Studying photographs and describing them, picking random objects and looking for them wherever you go, and trying to list everything in your living room are other good ways to improve your observation.
7. Keep a Journal
Choose somewhere to sit, observe and write about the details of what and whom you encounter. Remember to go beyond just the things that you see and use all your senses.
Try taking a sketchbook so that you can draw pictures to describe what you observe, too. Don't worry if your drawing isn't great – you don't need to be the next Picasso! Even basic line artwork forces you to observe your surroundings and to evaluate them before you put pencil to paper.
8. Develop Your Critical Thinking Skills
The ability to think critically is central to observation. How well you're able to question, reason and analyze your observations can make or break the value of your work.
Critical thinking is a skill, and there are many different tools and techniques you can use to develop it. Take a look at our article on the subject for ways to do this.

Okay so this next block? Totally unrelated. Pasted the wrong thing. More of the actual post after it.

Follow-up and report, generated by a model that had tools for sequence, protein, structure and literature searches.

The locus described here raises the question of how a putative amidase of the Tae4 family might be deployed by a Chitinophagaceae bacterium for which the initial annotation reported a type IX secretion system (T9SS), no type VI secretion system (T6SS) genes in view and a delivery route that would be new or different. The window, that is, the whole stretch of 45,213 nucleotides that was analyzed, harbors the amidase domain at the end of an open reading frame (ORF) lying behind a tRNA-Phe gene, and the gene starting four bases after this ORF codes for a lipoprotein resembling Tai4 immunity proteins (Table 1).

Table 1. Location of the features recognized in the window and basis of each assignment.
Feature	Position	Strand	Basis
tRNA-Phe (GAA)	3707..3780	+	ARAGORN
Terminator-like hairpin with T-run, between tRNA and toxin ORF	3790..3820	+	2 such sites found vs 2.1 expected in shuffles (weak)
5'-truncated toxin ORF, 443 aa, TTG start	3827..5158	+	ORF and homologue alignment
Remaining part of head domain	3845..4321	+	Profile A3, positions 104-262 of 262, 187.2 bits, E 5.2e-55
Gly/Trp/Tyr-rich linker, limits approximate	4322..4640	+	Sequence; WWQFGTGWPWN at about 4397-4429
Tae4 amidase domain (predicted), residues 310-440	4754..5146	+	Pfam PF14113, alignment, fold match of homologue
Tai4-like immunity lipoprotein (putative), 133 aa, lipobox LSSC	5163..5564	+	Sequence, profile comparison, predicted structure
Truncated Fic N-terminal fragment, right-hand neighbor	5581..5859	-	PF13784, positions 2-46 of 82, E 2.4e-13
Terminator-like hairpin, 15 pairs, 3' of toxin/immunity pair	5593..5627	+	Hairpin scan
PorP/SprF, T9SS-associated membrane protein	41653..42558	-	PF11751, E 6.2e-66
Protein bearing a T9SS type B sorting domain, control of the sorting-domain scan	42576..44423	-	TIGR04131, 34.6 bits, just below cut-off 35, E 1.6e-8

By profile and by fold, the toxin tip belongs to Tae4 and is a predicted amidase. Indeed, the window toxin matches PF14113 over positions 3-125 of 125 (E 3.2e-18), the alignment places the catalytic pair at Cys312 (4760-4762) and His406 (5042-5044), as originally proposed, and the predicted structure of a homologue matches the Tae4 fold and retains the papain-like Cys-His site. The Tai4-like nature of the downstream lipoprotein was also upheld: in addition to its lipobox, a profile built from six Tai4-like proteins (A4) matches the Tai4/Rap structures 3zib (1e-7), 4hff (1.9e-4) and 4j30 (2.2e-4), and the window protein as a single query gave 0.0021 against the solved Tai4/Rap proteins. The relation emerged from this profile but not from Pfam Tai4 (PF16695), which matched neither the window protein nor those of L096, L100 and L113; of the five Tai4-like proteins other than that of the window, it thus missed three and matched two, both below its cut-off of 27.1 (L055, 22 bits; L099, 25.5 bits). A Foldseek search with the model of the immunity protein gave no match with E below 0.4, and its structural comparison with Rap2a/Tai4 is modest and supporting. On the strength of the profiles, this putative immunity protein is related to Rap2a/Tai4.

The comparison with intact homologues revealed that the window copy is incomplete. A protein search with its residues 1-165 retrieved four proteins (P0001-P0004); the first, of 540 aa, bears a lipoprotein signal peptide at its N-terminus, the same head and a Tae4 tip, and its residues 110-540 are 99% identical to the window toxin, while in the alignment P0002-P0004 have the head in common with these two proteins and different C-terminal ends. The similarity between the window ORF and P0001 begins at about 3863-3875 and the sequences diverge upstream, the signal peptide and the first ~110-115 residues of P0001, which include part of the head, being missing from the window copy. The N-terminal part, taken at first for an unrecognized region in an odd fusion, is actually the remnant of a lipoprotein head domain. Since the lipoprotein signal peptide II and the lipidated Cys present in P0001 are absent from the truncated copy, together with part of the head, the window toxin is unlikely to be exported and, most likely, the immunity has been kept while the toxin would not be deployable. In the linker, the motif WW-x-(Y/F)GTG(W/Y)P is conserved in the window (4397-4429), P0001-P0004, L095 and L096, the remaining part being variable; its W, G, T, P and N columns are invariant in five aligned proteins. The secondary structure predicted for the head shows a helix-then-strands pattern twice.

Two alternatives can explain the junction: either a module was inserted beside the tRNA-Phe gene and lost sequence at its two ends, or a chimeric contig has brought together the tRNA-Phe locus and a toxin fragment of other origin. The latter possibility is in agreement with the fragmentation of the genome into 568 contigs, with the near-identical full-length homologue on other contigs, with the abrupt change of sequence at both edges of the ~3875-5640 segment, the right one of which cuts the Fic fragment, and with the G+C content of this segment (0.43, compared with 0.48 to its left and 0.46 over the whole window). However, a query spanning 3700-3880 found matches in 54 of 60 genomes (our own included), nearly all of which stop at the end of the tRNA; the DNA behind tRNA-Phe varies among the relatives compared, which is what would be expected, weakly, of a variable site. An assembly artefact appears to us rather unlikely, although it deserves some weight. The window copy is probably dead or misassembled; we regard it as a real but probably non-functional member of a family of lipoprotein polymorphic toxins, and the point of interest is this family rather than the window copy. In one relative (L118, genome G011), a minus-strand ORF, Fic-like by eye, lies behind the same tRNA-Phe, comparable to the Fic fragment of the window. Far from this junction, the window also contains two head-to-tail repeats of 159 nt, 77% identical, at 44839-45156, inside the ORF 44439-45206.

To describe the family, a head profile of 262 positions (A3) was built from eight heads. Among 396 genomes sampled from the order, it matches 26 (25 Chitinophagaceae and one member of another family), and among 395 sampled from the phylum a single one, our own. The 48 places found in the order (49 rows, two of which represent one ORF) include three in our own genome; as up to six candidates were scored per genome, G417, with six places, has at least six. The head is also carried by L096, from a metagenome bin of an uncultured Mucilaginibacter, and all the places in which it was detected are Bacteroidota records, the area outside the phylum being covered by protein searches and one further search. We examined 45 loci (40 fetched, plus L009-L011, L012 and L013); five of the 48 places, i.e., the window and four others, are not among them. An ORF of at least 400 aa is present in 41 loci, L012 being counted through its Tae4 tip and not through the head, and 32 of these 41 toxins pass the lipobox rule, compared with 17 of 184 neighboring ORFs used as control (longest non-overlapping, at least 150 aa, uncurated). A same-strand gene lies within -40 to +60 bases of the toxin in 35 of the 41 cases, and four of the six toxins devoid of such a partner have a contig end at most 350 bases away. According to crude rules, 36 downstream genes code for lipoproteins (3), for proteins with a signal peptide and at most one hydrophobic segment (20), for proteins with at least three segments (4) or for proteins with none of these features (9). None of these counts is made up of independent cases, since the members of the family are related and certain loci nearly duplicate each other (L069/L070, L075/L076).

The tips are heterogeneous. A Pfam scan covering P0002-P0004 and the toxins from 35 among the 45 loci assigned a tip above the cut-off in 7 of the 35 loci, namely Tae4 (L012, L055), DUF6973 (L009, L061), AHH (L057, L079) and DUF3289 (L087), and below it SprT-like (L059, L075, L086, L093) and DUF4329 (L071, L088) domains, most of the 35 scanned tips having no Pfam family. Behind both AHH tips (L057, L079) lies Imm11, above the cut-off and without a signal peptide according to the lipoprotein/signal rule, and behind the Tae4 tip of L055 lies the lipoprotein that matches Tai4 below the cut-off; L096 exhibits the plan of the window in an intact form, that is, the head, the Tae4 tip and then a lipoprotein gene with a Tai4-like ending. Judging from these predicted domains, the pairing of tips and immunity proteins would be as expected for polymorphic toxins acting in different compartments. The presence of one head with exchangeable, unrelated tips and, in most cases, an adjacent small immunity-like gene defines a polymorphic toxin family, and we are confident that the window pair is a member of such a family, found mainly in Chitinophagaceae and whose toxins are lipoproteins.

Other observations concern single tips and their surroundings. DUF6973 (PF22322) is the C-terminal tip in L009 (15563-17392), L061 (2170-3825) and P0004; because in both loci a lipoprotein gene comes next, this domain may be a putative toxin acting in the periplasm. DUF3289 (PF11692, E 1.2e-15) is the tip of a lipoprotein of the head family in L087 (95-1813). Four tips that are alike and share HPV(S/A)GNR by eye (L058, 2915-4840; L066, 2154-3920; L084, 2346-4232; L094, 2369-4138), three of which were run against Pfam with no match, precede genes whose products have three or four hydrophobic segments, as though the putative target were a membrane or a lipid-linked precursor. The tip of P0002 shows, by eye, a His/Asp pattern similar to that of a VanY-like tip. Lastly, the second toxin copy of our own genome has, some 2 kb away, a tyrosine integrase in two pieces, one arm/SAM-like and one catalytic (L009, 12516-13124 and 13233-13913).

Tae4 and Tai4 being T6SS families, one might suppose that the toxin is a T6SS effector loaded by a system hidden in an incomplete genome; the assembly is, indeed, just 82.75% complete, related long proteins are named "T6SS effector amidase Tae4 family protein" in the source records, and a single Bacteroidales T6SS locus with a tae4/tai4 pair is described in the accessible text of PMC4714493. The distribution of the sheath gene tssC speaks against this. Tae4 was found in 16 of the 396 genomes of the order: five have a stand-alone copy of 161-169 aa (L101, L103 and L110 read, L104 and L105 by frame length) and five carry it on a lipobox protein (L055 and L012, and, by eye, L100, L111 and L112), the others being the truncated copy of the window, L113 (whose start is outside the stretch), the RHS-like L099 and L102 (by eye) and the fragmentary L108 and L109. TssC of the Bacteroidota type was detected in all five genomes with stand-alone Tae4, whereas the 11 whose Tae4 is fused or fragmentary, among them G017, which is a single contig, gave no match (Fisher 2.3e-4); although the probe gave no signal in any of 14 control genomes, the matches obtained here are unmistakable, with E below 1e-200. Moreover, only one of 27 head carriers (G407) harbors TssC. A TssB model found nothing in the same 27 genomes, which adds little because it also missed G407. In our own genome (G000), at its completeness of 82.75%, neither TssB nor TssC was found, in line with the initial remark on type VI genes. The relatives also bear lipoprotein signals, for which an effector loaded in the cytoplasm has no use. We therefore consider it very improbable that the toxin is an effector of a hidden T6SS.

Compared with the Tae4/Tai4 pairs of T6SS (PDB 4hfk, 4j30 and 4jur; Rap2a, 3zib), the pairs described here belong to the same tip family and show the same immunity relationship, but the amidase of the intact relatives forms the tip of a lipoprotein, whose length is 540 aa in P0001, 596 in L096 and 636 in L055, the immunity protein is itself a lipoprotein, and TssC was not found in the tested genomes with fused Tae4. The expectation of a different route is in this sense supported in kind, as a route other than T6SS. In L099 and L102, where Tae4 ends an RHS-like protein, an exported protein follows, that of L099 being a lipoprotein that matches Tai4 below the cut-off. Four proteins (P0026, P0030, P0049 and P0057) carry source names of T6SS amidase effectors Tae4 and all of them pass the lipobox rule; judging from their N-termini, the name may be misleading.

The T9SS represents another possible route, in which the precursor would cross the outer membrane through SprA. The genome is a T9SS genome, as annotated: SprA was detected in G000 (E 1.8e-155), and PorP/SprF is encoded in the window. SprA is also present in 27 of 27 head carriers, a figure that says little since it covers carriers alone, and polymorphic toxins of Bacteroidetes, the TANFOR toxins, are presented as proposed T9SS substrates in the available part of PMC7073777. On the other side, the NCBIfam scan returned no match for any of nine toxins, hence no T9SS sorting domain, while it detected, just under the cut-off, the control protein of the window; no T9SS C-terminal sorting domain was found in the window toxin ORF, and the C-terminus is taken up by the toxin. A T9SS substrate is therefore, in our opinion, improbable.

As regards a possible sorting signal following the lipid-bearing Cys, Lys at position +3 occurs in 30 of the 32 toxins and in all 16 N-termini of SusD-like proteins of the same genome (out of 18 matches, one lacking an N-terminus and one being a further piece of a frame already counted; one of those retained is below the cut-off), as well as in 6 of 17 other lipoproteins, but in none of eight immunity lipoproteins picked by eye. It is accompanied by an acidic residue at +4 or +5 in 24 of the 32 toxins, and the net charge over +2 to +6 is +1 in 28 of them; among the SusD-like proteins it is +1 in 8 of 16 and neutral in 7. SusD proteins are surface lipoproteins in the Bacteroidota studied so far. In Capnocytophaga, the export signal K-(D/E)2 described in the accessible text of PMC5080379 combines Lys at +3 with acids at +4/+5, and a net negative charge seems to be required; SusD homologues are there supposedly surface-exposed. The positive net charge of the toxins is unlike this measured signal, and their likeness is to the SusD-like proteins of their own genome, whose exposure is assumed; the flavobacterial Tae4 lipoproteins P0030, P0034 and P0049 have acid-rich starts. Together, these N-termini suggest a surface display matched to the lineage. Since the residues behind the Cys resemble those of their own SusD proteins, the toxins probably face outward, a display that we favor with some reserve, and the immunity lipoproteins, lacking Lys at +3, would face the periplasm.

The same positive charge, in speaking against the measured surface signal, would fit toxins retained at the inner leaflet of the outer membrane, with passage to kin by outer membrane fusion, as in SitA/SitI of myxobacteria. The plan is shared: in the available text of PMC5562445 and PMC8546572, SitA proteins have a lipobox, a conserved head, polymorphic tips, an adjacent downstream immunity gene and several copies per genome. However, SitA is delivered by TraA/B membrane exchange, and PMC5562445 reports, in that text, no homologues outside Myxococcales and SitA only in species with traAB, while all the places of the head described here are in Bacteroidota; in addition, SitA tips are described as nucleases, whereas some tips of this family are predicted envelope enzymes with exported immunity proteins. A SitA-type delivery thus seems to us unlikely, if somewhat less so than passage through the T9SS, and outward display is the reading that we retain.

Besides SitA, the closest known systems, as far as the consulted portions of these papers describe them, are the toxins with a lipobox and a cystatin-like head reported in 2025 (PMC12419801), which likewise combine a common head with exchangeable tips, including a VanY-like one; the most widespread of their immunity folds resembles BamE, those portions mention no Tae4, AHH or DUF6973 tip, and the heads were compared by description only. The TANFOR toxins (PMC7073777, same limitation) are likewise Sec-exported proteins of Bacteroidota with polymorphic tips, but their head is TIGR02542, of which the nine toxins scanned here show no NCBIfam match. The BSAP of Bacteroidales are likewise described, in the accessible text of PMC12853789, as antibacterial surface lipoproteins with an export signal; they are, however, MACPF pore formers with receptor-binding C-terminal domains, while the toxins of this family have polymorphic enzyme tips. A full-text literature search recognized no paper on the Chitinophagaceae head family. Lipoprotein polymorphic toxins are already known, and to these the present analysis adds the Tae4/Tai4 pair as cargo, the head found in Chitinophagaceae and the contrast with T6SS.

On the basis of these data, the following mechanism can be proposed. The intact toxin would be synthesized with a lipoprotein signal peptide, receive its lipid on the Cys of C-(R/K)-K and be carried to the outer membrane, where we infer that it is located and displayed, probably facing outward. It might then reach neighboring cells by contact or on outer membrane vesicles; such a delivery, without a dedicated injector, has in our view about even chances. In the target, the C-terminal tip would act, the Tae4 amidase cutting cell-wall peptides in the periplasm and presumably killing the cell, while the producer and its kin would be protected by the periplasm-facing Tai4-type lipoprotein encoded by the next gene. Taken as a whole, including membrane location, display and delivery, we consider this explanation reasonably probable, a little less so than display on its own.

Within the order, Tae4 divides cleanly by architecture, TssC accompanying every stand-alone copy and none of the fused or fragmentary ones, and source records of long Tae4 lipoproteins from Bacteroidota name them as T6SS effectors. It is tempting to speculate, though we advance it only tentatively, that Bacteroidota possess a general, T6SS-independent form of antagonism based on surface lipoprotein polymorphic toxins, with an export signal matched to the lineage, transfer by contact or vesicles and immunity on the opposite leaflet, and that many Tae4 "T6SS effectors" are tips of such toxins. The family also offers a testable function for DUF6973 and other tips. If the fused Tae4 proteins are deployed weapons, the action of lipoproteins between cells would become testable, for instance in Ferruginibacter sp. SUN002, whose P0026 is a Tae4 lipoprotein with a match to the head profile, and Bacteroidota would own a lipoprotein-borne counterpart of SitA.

Observation is the process of focusing on something or someone to gather information for critical evaluation. It is more than just passively seeing, and it can involve all of your senses. Good observation helps you to become informed and to be more effective at work.
To improve how you observe the people, places, events, and situations around you, lay the groundwork by knowing your subject, slowing your pace, eliminating distractions, and trying new things. Sharpen your mind by playing challenging games, testing your memory, writing down or drawing your observations, and honing your critical thinking skills.